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It’s hard to imagine anything good could have come out of 2013’s Boston Marathon bombings. The terror of that day showed how vulnerable we are as a society. Yet for the students and faculty of Bridgewater State, it became a moment to shine and learn.
Spearheaded by students after the bombings, the BSU’s Athletic Training Program faculty began pushing for emergency medical technician training. In July, the staff earned the state’s Eugene H. Rooney Jr. award for public service for its development of the EMT program, which is currently an elective.
Faculty members hope it will soon be a requirement and part of the curriculum by fall.
“The students wanted more education so that they would be prepared if something like this were to ever happen again,” said Dr. Kimberly Wise, who is in her second year as clinical education coordinator for the program.
Drs. Wise and Suanne Maurer-Starks, director of the Athletic Training Program, had discussed additional training before the bombings. Athletic training, which has been offered at BSU for more than 30 years, already included prep work that fell just shy of EMT training. In general, athletic trainers aim to prevent sports injuries and manage injuries after they occur, said Dr. Robert Colandreo, assistant professor in the program. The EMT training takes things to another level.
Dr. Maurer-Starks explained that “all of the kids have to have first aid and CPR … but that it's limited in its scope and practice of what you can actually teach the students.”
The need for additional training came into clearer focus after the bombings, when Dr. Wise, along with several students at the finish line of last year’s marathon, jumped into action to help triage runners and spectators injured by the blasts.
“Anything that deals with emergency care, we are qualified to do,” said Dr. Wise, who only had begun working as an assistant professor in the program seven months before the bombing. “So anything along those lines … stop the bleeding, tourniquets, any type of CPR, rescue breathing … we are there to assist. That’s within our scope of practice.”
The students at the finish line were initially there to look for maladies such as heat stroke and to provide wheelchairs for runners in need after the race. Beyond that, however, they were expected to hand off care to qualified or licensed medical professionals. Though they had prepared at BSU with an emergency action plan, they never expected to need it, Dr. Wise said.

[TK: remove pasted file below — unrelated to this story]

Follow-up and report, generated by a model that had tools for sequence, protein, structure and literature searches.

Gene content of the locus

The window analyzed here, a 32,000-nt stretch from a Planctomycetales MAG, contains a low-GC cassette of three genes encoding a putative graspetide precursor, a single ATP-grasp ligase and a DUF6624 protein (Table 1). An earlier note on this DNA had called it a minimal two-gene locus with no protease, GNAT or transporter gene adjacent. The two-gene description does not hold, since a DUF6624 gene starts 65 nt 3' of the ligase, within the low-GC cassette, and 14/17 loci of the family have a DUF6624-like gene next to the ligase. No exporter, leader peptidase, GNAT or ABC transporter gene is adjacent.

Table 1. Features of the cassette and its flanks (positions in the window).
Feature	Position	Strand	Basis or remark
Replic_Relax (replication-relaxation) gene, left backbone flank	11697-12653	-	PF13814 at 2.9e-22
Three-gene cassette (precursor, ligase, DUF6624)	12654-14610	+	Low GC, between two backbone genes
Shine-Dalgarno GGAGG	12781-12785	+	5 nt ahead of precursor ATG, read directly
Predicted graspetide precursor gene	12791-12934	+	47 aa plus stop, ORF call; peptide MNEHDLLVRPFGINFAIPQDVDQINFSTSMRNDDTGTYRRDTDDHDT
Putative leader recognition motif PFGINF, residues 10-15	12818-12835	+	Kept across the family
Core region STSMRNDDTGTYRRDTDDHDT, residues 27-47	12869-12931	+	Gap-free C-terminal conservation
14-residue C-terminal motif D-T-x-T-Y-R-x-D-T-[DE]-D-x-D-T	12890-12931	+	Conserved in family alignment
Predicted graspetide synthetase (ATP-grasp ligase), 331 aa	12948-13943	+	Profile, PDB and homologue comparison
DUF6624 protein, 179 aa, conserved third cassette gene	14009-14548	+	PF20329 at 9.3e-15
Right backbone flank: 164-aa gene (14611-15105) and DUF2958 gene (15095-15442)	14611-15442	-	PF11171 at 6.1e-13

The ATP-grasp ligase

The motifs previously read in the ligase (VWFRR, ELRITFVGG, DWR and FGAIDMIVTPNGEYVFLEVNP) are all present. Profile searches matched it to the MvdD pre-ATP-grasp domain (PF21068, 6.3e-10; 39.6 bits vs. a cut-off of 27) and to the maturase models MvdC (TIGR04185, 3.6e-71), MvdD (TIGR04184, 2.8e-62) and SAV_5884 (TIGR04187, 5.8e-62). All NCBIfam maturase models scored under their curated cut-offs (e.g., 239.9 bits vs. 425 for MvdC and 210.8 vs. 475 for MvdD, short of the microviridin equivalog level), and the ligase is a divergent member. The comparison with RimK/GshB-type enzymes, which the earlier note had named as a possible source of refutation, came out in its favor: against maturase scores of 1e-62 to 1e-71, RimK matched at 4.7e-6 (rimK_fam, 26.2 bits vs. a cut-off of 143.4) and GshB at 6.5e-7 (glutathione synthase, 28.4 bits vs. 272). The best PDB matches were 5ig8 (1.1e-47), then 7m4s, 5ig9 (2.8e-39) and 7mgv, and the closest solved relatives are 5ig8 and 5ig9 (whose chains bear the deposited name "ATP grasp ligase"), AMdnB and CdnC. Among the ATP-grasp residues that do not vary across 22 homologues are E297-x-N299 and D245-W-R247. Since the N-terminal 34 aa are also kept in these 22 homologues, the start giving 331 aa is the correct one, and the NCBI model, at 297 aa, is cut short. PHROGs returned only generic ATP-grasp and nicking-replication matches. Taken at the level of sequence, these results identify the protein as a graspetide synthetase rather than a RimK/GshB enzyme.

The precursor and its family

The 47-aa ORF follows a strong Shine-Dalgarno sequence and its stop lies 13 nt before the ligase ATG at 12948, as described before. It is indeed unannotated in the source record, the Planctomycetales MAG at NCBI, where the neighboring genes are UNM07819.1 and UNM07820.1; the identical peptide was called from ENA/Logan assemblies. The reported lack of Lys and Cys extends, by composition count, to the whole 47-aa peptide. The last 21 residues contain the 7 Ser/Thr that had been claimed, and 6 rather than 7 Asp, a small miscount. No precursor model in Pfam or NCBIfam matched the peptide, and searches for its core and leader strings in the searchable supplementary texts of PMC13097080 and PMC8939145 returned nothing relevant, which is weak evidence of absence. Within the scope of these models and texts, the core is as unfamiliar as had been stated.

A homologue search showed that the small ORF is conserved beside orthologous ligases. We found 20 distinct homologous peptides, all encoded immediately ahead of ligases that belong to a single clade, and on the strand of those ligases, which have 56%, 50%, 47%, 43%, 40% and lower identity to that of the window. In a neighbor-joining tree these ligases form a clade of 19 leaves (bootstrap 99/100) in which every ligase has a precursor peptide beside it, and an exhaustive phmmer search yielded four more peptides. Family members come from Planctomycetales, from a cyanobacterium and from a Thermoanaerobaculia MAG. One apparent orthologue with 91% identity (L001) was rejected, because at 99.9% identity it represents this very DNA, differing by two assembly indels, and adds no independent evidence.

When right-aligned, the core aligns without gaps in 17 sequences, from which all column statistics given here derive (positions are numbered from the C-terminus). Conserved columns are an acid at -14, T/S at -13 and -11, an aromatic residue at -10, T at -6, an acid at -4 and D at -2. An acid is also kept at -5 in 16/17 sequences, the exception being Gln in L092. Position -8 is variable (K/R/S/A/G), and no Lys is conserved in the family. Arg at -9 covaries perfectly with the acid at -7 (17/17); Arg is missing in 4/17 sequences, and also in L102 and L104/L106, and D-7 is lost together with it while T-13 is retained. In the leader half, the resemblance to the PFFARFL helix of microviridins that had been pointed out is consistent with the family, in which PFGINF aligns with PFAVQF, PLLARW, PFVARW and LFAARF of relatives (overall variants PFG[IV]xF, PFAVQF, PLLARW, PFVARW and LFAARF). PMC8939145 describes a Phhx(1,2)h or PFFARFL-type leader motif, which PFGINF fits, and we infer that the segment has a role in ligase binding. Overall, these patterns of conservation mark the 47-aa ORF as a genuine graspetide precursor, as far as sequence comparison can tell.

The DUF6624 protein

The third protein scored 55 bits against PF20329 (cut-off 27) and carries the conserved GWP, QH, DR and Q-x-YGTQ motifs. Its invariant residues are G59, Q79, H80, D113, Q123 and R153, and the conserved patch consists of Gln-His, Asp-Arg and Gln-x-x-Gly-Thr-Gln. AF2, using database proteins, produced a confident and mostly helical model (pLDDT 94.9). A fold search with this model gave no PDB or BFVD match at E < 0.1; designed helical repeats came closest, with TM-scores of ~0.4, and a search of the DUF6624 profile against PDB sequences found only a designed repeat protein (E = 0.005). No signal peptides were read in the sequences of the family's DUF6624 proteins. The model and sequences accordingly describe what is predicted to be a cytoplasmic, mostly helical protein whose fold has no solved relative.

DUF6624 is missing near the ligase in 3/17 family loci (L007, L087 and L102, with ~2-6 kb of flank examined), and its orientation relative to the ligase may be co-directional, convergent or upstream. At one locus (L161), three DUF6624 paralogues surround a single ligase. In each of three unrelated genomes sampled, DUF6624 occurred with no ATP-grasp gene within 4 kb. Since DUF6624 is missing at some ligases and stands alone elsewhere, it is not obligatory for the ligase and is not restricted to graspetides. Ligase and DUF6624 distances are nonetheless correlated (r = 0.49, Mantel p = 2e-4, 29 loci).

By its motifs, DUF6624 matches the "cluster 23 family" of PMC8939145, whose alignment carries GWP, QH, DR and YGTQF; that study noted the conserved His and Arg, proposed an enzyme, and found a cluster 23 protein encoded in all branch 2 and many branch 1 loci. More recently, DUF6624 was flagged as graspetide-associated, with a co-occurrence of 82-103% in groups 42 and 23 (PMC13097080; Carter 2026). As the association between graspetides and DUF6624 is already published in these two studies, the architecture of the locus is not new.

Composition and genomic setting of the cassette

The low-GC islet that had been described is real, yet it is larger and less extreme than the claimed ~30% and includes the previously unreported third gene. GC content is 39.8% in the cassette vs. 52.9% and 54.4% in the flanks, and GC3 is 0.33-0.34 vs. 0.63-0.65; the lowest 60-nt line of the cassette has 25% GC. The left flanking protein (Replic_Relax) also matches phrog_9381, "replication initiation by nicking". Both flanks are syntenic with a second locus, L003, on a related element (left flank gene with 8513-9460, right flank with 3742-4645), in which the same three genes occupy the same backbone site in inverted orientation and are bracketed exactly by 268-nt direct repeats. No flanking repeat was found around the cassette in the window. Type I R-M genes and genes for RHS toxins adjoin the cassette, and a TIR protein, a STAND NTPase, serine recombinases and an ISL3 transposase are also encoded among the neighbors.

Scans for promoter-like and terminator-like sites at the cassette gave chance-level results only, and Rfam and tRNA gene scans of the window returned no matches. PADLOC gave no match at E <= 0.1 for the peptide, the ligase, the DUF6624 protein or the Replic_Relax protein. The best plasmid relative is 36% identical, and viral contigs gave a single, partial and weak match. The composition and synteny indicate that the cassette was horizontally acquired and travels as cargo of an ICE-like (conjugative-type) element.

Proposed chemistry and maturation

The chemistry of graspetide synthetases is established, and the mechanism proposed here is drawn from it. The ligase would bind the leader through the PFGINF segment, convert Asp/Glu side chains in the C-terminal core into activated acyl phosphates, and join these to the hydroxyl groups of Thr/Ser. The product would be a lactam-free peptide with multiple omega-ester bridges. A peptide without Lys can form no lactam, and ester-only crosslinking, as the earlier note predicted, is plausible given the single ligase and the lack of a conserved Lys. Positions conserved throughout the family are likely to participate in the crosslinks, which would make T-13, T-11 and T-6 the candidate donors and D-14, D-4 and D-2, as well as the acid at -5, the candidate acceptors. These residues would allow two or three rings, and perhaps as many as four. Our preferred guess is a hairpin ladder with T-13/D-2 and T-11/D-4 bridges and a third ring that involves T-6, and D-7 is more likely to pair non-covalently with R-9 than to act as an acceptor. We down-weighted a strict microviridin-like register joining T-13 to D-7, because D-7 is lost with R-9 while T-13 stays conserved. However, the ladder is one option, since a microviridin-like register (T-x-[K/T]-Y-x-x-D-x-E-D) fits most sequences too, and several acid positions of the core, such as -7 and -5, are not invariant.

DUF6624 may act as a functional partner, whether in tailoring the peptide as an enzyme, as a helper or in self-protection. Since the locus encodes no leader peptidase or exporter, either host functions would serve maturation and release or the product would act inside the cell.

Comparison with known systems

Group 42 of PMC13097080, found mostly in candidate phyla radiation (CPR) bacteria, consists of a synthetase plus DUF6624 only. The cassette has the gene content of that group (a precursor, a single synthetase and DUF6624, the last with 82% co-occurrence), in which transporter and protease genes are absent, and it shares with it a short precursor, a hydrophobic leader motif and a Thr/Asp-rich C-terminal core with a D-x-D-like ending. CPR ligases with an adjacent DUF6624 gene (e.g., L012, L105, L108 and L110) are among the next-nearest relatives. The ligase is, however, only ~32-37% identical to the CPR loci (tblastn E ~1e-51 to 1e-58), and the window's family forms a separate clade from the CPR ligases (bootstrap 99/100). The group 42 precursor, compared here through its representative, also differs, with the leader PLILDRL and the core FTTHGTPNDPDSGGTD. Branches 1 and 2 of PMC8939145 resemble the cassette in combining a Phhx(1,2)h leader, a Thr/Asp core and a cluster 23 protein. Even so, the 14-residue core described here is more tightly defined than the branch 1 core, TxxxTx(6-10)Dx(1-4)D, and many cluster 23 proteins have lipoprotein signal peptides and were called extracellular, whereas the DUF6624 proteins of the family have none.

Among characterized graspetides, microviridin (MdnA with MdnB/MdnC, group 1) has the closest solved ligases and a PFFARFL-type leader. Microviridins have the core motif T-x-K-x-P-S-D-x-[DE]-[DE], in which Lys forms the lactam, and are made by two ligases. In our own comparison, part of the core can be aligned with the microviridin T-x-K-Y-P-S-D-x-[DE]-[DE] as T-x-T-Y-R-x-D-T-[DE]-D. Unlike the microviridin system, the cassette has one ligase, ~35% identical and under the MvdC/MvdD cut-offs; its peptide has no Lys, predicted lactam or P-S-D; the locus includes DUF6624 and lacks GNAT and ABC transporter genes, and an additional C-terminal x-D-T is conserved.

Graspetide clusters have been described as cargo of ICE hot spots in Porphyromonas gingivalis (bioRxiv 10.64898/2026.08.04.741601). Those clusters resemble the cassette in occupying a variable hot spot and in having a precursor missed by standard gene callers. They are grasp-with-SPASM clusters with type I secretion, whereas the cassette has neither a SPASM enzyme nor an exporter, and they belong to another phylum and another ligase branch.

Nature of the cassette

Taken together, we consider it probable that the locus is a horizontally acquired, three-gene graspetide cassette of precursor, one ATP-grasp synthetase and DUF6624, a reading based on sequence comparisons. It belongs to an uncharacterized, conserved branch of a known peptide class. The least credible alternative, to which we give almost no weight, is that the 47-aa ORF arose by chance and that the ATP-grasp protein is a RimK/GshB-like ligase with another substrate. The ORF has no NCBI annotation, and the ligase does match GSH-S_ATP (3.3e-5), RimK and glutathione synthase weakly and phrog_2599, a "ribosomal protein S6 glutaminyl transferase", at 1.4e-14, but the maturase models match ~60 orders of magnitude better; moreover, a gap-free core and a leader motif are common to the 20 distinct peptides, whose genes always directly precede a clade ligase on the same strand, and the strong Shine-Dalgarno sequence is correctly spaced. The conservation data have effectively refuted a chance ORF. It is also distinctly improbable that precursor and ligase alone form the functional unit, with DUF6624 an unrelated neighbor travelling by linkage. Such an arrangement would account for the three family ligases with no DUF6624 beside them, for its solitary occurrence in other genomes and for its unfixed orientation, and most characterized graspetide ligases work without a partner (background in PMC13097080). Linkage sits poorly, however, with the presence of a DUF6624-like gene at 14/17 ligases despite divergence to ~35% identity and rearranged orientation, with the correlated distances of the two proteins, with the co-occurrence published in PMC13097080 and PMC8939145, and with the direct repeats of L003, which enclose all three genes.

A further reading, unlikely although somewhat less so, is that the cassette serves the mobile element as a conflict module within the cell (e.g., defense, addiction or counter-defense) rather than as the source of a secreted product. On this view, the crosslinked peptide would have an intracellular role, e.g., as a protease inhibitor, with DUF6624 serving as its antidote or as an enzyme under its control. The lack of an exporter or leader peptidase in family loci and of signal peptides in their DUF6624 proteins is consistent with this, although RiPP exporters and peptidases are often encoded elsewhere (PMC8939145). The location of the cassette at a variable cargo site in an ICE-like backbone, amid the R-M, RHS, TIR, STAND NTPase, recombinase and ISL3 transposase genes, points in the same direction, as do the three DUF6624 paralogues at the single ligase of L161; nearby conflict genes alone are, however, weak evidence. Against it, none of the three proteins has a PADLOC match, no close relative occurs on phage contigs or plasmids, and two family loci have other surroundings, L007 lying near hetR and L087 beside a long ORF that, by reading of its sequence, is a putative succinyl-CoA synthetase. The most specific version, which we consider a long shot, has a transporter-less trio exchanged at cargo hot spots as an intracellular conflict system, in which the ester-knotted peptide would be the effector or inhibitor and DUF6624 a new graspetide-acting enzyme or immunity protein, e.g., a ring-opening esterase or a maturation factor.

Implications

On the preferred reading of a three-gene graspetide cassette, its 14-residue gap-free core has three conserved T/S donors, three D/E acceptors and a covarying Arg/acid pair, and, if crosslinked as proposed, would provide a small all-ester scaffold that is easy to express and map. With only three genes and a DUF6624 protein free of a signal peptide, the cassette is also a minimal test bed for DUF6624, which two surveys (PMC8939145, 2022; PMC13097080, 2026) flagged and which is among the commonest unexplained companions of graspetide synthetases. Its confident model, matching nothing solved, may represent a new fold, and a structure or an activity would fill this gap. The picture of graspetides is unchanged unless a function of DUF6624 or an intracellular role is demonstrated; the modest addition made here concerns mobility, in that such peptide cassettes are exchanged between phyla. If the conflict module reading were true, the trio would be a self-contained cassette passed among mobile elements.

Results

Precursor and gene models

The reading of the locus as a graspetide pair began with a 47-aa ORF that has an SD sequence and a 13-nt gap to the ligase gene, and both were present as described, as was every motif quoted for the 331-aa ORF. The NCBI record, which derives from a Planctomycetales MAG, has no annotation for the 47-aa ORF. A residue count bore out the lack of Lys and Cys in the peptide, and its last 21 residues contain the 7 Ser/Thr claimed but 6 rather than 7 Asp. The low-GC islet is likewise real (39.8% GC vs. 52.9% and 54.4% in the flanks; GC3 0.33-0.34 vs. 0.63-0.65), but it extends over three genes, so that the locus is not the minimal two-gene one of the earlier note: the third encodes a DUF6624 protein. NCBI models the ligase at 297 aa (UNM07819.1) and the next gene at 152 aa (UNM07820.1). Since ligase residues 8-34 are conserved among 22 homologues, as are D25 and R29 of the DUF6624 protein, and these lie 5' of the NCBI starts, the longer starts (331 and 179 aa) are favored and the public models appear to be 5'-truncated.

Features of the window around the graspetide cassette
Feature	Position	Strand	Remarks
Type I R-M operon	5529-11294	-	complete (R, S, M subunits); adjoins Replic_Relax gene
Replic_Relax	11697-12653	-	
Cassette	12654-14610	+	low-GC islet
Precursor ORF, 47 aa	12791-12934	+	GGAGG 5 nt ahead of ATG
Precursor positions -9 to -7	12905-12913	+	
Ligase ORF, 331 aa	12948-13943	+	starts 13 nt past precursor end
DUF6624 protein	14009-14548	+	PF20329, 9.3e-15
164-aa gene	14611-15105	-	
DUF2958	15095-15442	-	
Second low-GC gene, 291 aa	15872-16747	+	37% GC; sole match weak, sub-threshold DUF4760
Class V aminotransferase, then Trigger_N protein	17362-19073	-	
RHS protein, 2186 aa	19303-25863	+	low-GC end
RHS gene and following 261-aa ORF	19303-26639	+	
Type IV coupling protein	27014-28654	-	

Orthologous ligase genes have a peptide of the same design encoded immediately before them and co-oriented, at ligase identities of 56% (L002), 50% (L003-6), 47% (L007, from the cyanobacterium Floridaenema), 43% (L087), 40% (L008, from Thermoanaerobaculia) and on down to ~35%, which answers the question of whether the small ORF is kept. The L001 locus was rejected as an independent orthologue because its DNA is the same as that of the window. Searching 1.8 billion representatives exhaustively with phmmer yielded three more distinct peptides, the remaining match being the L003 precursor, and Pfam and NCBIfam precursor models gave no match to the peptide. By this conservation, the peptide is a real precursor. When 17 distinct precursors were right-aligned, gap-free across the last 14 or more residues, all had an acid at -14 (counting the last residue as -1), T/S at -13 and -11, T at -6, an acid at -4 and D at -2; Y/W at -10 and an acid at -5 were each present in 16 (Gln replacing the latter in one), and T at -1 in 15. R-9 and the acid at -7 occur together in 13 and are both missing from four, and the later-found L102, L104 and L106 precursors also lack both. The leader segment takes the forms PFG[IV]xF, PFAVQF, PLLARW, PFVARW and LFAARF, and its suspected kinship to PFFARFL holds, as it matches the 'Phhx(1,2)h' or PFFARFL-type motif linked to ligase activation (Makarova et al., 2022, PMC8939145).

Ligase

“We were all working as a medical team,” she said. “We’re working alongside the physicians, the EMTs, athletic trainers, the fire department, the police department.”
The new program, for undergrads and graduate students, would make EMT training a requirement. “It will sit well with students, too,” said Dr. Maurer-Starks, “because now they'll graduate with another credential. Although they don't have to take the state test for the EMT class, they are prepared to, and they are eligible to sit for the exam if they choose to do so.”
In addition to work at the marathon, the department normally sends students to “clinical” sites to conduct supervised clinical education experience as athletic trainers. Dr. Wise manages placements for juniors and seniors that include Boston College, Harvard and the New England Revolution, among other area high schools and colleges. In addition, the program teaches practicing clinicians who work with and supervise BSU and other students.
Faculty members were proud of the way BSU students responded during and after the marathon bombing.
“I’m very humbled to be around such prestigious young minds because they’re not wanting for themselves,” said Dr. Wise. “They’re wanting for the community and to better themselves so they can educate and assist our community. “
“The day that we received the award,” said Dr. Maurer-Starks, “there was a police officer … [who] sought us out afterwards and said, ‘Listen, I just want to let you know that I was also at the finish line, and I was with some of your students. Just the means and manner in which they responded, we were so impressed by how they handled themselves. I just wanted to come up and let you all know that.’ … I'm sure that it had to be chaotic, and for them to remember that it was Bridgewater kids and how they did, that made me think, ‘Okay, we're doing something right.’” (Steve Ide)